Tuesday, December 14, 2010
Sunday, December 5, 2010
It may not feel like it at the moment but there is change in the air. The summer is in her last heat filled death throws as she comes to an end. Fall is breathing down our necks with the promise of cooler weather and hungry fish. The summer has been long, and though I’ve spent some time on the water, my fishing time has fallen victim to too much work and boyfriend duties. But all things change. As fall ushers in the new season it brings with it hope that I can find some free time, and waste it poling along the marsh.
The water is like glass as we pull up to our first flat. Or at least it would be if the millions of mullet and shrimp would stay still. But I guess if I had a creature 100 times my size lying in wait for the chance to eat me, I would be moving too. As the morning progresses we find ourselves spectators to natures beauty, and the vicious game of life and death she hosts. Along the way we manage to catch a few fish. There’s not much talking between Brian and myself, no need really. The tide drops, then rises. The bait and reds seek the safety of the spartina, and our morning adventure comes to a close.
Our world, like our lives is constantly changing. No one moment on the flats is like another. So we adapt, change our flies, our approach, or pack it up and move all together. It’s this constant game of adaptation I find so compelling about saltwater fishing, and it’s what keeps my attention. All things change, a fact I try to keep in perspective in fishing and my life. Sometimes I am successful, other times I have to shake off a bad decision and keep moving. But the seasons will continue to change, each bringing new challenges, but also bringing hope. Hope that I will be able to adapt, and succeed. The hope that I too can change
Monday, November 8, 2010
Sunday, October 17, 2010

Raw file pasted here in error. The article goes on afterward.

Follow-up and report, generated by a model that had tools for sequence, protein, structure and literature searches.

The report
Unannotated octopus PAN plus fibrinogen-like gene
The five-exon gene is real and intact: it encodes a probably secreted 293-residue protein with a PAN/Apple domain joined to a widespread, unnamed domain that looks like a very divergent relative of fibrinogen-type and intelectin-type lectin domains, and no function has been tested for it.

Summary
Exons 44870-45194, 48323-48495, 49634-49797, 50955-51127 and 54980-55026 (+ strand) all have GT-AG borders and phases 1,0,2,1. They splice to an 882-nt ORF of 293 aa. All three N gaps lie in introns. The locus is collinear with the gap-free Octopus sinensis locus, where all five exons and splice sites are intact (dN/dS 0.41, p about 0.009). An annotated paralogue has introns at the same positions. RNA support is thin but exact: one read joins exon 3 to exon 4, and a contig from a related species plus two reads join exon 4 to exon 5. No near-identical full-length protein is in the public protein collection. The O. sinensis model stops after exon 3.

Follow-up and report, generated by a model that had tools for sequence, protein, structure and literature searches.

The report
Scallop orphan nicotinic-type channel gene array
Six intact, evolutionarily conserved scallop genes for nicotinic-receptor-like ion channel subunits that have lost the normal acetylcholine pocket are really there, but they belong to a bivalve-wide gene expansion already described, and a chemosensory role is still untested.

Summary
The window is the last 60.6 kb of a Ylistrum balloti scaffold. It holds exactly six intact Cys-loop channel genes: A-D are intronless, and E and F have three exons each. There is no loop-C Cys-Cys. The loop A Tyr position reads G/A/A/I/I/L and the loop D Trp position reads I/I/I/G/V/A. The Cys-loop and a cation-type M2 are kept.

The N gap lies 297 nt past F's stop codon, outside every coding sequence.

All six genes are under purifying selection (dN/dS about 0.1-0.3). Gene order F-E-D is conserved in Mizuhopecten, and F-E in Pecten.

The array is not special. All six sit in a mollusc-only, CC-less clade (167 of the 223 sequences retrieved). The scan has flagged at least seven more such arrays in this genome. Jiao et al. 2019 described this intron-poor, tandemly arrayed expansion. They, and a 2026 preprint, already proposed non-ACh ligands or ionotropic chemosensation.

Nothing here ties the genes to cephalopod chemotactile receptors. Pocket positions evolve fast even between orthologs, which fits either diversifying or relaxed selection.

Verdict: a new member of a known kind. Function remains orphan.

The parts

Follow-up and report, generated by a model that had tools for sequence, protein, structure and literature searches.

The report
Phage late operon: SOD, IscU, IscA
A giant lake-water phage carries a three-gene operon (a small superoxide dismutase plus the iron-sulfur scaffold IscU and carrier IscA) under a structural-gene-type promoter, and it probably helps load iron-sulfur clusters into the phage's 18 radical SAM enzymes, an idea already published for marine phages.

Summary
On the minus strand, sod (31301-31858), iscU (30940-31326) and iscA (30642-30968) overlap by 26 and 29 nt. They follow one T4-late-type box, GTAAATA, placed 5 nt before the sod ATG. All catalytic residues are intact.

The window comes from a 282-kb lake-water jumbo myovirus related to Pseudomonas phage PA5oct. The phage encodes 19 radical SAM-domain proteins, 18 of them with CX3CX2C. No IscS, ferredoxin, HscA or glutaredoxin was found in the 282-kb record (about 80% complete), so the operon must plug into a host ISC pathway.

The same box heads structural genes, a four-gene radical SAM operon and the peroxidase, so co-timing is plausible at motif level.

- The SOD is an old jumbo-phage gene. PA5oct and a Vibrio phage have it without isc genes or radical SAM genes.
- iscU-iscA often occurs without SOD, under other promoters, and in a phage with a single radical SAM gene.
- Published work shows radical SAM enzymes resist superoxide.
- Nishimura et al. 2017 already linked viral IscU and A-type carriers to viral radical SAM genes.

Jon dusted off his Albie boots…
…and landed a nice fish that was part of another group working the same flat.
We then decided to explore a new area and found a cove full of mud, oysters, and redfish! The action was pretty intense in the shallows and the camera was the last thing on our minds. We ended up landing 8 (4 each) on Friday in short time.
On Sunday I got the Fivver back out and we idled to a point where Jon and I had found them on Friday. I shut the motor down in 2 feet of water and climbed onto the jungle gym. I was only able to give the Stiffy a push or 2 before calling out, “fish at 11”. Fivvy took 2 casts and snagged a beautiful red in less than 2 minutes after arriving on the flat!
We made our way over to the mud and oyster cove that Jon and I had found Friday and the boys were acting a fool. We sat watching as tails and backs broke the slick surface and shrimp swam for their lives. Man I would hate to be a shrimp… EVERYTHING eats a shrimp! We each picked up a fish from the school before they broke up and the water moved into the grass.
Saturday, October 2, 2010
THOUGHTS ON TAILERS
BY: MIKE BENSON
The cool wet air of a South Carolina August morning filled my lungs as I walked down the dock towards the boat. Nothing makes me feel more alive than the anticipation before a days fishing, no matter where that may be or what I may be chasing. This particular morning I found myself in search of tailing redfish just outside of Beaufort, coffee in hand, watching the horizon illuminate against an impending sun.